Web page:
The Deutscher Dom, or German Cathedral in English, was built in the early 1700s in Berlin and was originally known as the Neue Kirche, or New Church. The church was badly damaged during World War II and was slowly rebuilt in the 80s and 90s. Today it is a museum and no longer holds religious services. The permanent exhibition on display is called "Wege - Irrwege - Umwege" which roughly translates to “Paths - Meanderings - Detours” and explains the historical development of the liberal parliamentary system in Germany.
The museum focuses on periods of history when the foundations were laid for political order in the Federal Republic of Germany. The exhibits are on five floors and include displays, documents, photographs, and time lines. These exhibits provide visitors with an detailed look at the parliamentary decision making process as well as the functions and methods of the representative bodies. By visiting this museum, visitors will gain insight into the work done by the German political parties.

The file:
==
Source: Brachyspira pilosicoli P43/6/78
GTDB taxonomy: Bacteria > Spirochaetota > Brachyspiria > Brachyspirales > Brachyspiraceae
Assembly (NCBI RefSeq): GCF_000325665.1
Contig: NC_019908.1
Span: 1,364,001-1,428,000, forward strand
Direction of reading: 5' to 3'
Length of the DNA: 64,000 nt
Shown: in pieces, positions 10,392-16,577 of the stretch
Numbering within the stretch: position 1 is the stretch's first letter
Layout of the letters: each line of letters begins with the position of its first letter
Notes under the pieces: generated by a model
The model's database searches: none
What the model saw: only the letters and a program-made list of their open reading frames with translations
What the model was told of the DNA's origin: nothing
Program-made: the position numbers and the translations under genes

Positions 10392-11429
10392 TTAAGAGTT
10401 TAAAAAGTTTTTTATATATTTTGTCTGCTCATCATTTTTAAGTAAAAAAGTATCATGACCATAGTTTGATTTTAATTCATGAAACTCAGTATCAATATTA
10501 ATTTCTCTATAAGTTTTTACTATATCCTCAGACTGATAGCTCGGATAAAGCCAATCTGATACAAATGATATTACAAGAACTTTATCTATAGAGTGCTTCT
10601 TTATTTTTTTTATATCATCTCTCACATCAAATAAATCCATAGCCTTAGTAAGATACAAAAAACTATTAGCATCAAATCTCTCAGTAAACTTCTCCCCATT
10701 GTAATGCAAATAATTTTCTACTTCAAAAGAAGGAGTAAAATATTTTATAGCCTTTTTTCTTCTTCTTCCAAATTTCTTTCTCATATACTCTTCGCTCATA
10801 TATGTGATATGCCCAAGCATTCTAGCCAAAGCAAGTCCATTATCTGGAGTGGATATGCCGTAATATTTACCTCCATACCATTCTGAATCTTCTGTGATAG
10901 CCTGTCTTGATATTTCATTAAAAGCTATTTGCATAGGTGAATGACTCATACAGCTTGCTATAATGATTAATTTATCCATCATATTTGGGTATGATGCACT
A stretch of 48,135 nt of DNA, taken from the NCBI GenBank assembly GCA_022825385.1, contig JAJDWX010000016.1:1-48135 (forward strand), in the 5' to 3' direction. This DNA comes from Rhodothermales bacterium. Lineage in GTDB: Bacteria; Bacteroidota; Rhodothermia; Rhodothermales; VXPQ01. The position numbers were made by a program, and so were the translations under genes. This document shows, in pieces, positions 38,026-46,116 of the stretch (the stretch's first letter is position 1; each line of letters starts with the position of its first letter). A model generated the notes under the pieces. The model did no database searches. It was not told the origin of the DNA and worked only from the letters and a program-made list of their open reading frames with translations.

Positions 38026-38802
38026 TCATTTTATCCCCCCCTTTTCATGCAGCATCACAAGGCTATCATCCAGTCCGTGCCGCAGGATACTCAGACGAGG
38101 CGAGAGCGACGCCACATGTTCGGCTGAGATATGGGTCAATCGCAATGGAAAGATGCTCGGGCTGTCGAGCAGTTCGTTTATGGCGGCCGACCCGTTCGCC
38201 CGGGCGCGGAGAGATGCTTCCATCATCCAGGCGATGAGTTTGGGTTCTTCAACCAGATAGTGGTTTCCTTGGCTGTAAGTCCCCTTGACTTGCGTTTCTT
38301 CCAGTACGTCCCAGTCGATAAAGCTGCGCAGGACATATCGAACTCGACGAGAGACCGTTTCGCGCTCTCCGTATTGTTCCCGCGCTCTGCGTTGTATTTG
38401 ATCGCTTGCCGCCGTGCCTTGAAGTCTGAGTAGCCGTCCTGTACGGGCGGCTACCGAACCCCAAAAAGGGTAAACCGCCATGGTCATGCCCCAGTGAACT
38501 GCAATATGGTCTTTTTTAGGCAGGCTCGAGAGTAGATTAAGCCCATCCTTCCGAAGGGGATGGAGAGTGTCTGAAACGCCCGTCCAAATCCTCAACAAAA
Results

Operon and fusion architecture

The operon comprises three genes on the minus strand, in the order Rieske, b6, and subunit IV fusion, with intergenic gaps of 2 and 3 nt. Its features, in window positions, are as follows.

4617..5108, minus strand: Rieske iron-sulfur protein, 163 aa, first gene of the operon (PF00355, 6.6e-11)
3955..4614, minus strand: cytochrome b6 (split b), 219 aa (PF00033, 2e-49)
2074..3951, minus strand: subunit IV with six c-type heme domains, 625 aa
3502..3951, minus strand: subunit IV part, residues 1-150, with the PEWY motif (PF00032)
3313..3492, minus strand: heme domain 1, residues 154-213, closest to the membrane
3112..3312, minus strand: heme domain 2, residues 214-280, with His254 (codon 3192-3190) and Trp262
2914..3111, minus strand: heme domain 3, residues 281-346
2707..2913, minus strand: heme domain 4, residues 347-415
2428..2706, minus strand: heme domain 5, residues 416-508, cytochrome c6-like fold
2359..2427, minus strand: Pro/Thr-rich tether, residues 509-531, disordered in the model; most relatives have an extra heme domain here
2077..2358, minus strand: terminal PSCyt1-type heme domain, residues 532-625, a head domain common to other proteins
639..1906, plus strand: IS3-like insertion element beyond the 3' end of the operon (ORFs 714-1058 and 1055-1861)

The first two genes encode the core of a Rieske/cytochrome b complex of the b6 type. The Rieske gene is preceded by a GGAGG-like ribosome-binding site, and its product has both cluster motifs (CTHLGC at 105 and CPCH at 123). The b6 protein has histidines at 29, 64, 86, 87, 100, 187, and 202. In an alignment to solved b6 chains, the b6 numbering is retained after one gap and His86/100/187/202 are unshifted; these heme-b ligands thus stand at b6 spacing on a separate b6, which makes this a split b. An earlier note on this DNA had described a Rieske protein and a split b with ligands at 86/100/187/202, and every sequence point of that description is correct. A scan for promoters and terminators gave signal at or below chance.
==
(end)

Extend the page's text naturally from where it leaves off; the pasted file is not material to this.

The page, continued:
The Deutscher Dom is located at Gendarmenmarkt 1. To get there take the U2 to Hausvogteiplatz or Stadtmitte, or the U6 to Stadtmitte. Opening hours are October to April: Tuesday to Sunday and public holidays 10am to 6pm; May to September: Tuesday to Sunday and public holidays 10am to 7pm. Admission is free.